welfare work is given in Commonwealth of Australia, Advisory
Council of Science and Industry Bulletin No. 15, Welfare Work
(Melbourne: 1919). The Bulletin itself borrows heavily
from the pioneering work of Emily D. Proud, Welfare Work:
33
Employers' Experiments for Improving working conditions in Factories (2nd edition, London: Bell and Sons, 1916). For more de- tailed sources on each of the separate companies see Henry Ford, in collaboration with Samuel Crowther, My Life and Work (London: Heinemann, 1922); and Allan Nevins, Ford: The Times, The Man, The Company (New York: Scribner, 1954), chapters 20 and 21; Hugh Allen, The House of Goodyear: Fifty Years of Men and Industry (1949), especially chapter 5; Iolo A. Williams, The Firm of Cadbury 1831-1931 (London: Constable, 1931), chapter 7; Anne Vernon, A Quaker Business Man: The Life of Joseph Rowntree 1836-1925 (London: Allen and Unwin, 1958); Charles Wilson, The History of Unilever: A Study in economic growth and Social Change (London: Cassell, 1954), Vol. 1, chapter 10.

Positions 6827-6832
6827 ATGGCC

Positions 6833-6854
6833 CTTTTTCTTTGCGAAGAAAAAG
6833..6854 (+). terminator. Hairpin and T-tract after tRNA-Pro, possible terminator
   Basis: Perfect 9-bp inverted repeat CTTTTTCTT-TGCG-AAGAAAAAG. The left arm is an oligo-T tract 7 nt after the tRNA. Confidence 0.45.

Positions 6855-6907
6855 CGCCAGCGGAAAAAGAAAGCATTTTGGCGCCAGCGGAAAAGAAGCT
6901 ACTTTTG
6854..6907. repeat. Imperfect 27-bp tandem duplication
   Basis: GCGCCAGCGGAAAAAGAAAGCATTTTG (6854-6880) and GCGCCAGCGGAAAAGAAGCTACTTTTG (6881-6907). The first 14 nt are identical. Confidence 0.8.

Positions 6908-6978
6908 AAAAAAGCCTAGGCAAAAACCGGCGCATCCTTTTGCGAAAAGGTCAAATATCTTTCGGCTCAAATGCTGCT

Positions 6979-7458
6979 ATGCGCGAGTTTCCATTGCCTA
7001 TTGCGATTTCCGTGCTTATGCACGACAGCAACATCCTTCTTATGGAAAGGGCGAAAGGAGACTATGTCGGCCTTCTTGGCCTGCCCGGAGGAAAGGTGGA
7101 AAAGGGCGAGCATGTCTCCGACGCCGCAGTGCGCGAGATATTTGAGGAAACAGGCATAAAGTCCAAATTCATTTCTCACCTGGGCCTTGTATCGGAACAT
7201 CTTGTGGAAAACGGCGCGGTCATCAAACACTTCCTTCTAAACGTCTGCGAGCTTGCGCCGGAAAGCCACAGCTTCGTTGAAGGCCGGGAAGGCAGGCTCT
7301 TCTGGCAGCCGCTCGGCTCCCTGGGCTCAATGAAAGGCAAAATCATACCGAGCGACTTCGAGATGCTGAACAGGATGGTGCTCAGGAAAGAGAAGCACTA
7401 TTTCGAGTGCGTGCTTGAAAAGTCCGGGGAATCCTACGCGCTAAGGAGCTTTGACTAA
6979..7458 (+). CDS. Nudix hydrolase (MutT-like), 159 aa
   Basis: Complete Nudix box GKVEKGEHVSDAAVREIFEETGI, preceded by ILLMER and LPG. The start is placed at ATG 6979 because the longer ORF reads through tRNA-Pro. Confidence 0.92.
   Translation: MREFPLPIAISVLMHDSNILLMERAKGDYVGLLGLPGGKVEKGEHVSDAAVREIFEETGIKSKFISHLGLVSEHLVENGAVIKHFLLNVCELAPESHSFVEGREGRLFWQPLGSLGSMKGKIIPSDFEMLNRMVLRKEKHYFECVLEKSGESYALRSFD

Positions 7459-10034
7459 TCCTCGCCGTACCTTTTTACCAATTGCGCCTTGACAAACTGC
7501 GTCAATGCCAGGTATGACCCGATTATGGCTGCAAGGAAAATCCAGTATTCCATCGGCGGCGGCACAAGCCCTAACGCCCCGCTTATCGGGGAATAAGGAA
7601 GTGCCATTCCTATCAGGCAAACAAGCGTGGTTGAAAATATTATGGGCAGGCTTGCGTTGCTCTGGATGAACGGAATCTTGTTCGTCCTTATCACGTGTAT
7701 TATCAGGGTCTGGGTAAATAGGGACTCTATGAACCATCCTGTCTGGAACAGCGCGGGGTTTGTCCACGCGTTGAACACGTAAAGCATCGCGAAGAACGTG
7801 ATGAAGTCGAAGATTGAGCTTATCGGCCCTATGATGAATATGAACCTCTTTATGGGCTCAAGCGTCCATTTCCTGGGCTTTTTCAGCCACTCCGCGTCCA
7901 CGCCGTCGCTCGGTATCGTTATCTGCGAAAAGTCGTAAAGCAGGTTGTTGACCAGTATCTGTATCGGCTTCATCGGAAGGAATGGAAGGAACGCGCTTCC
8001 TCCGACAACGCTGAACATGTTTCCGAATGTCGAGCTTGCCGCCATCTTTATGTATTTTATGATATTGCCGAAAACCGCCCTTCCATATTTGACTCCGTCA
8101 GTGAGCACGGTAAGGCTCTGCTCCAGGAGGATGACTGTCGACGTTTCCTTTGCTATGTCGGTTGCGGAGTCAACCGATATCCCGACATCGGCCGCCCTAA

3.
For company works on Port Sunlight see Wilson, op.cit.; and
Unilever Limited, The Story of Port Sunlight (Port Sunlight,
1953). A more detailed account, despite coming from a con-
temporary apologist, is provided by W.L. George, Labour and
Housing at Port Sunlight (London: Alston Rivers, 1909).
4.
Wilson, op. cit., Vol, 1, p. 198.
5.
Arrow, 2 May, 1914, p. 2.
6.
ibid., 12 June, 1915, p. 2. The competition was for Club
League teams affiliated with the Metropolitan Football Asso-
ciation. See Referee, 24 February, 1915, p. 13.
7.
The Association was certainly operating in 1924 but, with
the soccer club having formed in 1914, it is more than prob-
able that the Association was created during or just after
the war. Unfortunately, the records of Lever Brothers are
unavailable and secondary sources cannot confirm any foun-
dation date either.
8.
Trade Hints, Vol. IV NO. 3 (July, 1924), p. 81.
9.
The four companies were British Australasian Tobacco Co. Pty.
Ltd., W.D. and H.O. Wills (Australia) Ltd., The States
Tobacco Co. Pty. Ltd. and S.T. Leigh and Co. Ltd.